After some very mixed reviews both from friends and fellow reviewers on here, I was in two minds as to whether or not I would enjoy this eco-thriller with pre-apocalyptic overtones but, seeing as how I got it on a buy one, get one free offer in WHSmiths, I figured I had nothing to lose in giving it a go. It was a descision that, as yet, I have not had cause to regret.... That is not to say that this is not a book without its faults ~ the ending is a bit sudden and though the idea of incorporating a disabled psychotherapist as a lead character is a brave one, you get the sense in places that the author forgets her heroine is in a wheelchair. There are a couple of instances where she appears in her wheelchair after only having been lain on a sofa a few paragraphs before and in another scene, she is carried up several flights of stairs with no mention of what is done with her chair only for it to appear several sentences later with no explanation! People who are paralysed will no doubt be in conflict over this novel; in one respect it is good that a person with no use of her lower half has been thrust into the spotlight with this story but it is not handled very well and you get the impression that the author has little experience of people who are in this way disadvantaged! Still, it certainly gives the story a different slant and is a challenging and inspirational move that would be nice if other authors could follow... The main crux of the plot is thus: a young girl incarcerated for the murder of her mother in a mental health institution for several years has begun to develop shocking visions following the use on her of Electro-Consvulsive Therapy. A previous therapist has left the employ of the institution for becoming too involved and Gabrielle Fox has been brought in to replace her. But as Gabrielle studies Bethany's predictions of natural disasters, she begins to see startling correlation between them and real events. Many of the phenomenen that Bethany has predicted has recently come true and suddenly Gabrielle finds herself following in her predescesor's footsteps in more ways than one! But who will believe her? With startling and shocking predictions of one possible future that we as a race can look forward to, this is an intelligent body of work set in our near-future that is chock-filled with pseudo-science but is no less chilling for all of that! The title refers to The End Of Days as preedicted in The Bible that Bethany becomes convinced will shortly come to pass and, as the thriller progresses, it quickly becomes apparent that Gabrielle and those who take her seriously are racing against borrowed time. Not to prevent the ultimate global disaster that is destined to follow....but to survive to face the aftermath of destruction. This is a fairly easy read and quite gripping but there are moments towards the end where it does get a tad predictable in places and a bit over-tired. Nonetheless, if you like fiction that makes you think and challenges your perspective of the world then this is worth picking up. That said, there are some great descriptive moments that echo the movie The Day After Tomorrow for their devastation and impact and lift this just a small notch up above its closest competition. Just don't expect too much because this is no classic but it IS still a good read that is ideal for reading whilst on holiday ~ either sitting on a beach or just in your back garden! If you are looking for something more in-depth, you might want to check out Trevor Hoyle's earlier novel, The Last Gasp!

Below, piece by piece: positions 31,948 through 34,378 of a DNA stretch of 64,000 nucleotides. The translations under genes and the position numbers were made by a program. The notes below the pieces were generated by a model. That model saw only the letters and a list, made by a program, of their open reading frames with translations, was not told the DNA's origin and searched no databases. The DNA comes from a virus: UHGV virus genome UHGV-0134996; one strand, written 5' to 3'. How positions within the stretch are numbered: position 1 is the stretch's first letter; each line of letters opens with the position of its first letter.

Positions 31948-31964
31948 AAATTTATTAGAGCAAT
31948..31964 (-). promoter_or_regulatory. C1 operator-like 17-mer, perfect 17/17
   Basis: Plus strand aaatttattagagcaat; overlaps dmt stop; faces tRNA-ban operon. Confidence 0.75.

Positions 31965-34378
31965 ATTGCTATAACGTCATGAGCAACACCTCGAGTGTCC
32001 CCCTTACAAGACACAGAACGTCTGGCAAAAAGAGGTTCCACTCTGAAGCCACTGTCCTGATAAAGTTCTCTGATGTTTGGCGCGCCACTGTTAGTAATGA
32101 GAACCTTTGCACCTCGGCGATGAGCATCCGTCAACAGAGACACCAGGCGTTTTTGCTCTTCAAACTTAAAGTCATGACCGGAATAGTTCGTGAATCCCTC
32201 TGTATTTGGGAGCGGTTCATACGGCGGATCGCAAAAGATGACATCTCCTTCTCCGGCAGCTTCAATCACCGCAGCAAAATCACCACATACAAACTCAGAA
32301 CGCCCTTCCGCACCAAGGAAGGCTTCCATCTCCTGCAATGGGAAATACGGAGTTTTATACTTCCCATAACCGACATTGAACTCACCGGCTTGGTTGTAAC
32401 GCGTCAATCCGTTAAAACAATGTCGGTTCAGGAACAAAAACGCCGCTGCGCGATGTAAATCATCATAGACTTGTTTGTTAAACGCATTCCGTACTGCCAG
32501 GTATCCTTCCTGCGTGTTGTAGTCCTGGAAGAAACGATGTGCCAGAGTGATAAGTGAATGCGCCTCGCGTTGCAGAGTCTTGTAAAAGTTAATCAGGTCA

I bought this book because, along with the picture on the front, the blurb looked very intriguing . Along the way paralysed psychologist, Gabrielle Fox is assigned to a young girl Bethany Krall who stabbed her own mother to death with a screwdriver and claims to be able to foresee terrible natural disasters and ultimately the apocalyse. Along the way she gets help from a physicist Frazer Melville and falls in love with him. Sounds interesting? However I found the style of writing too long winded to read naturally, the characters were very wooden and I felt no empathy for them. The love story didn't quite gel. The sci fi aspect didn't quite work either because it wasn't too different from reality. The religious aspect was a bit too much for a relaxing read. And I really don't see how Gabrielle being a paraplegic added anything at all to the plot. The story could still be the same if she was able bodied. It seems that Liz Jenson tried to cram too many p.c. aspects into one tale. The only interesting bit was the science and the fact that it really could happen. But on the whole, a very dull book.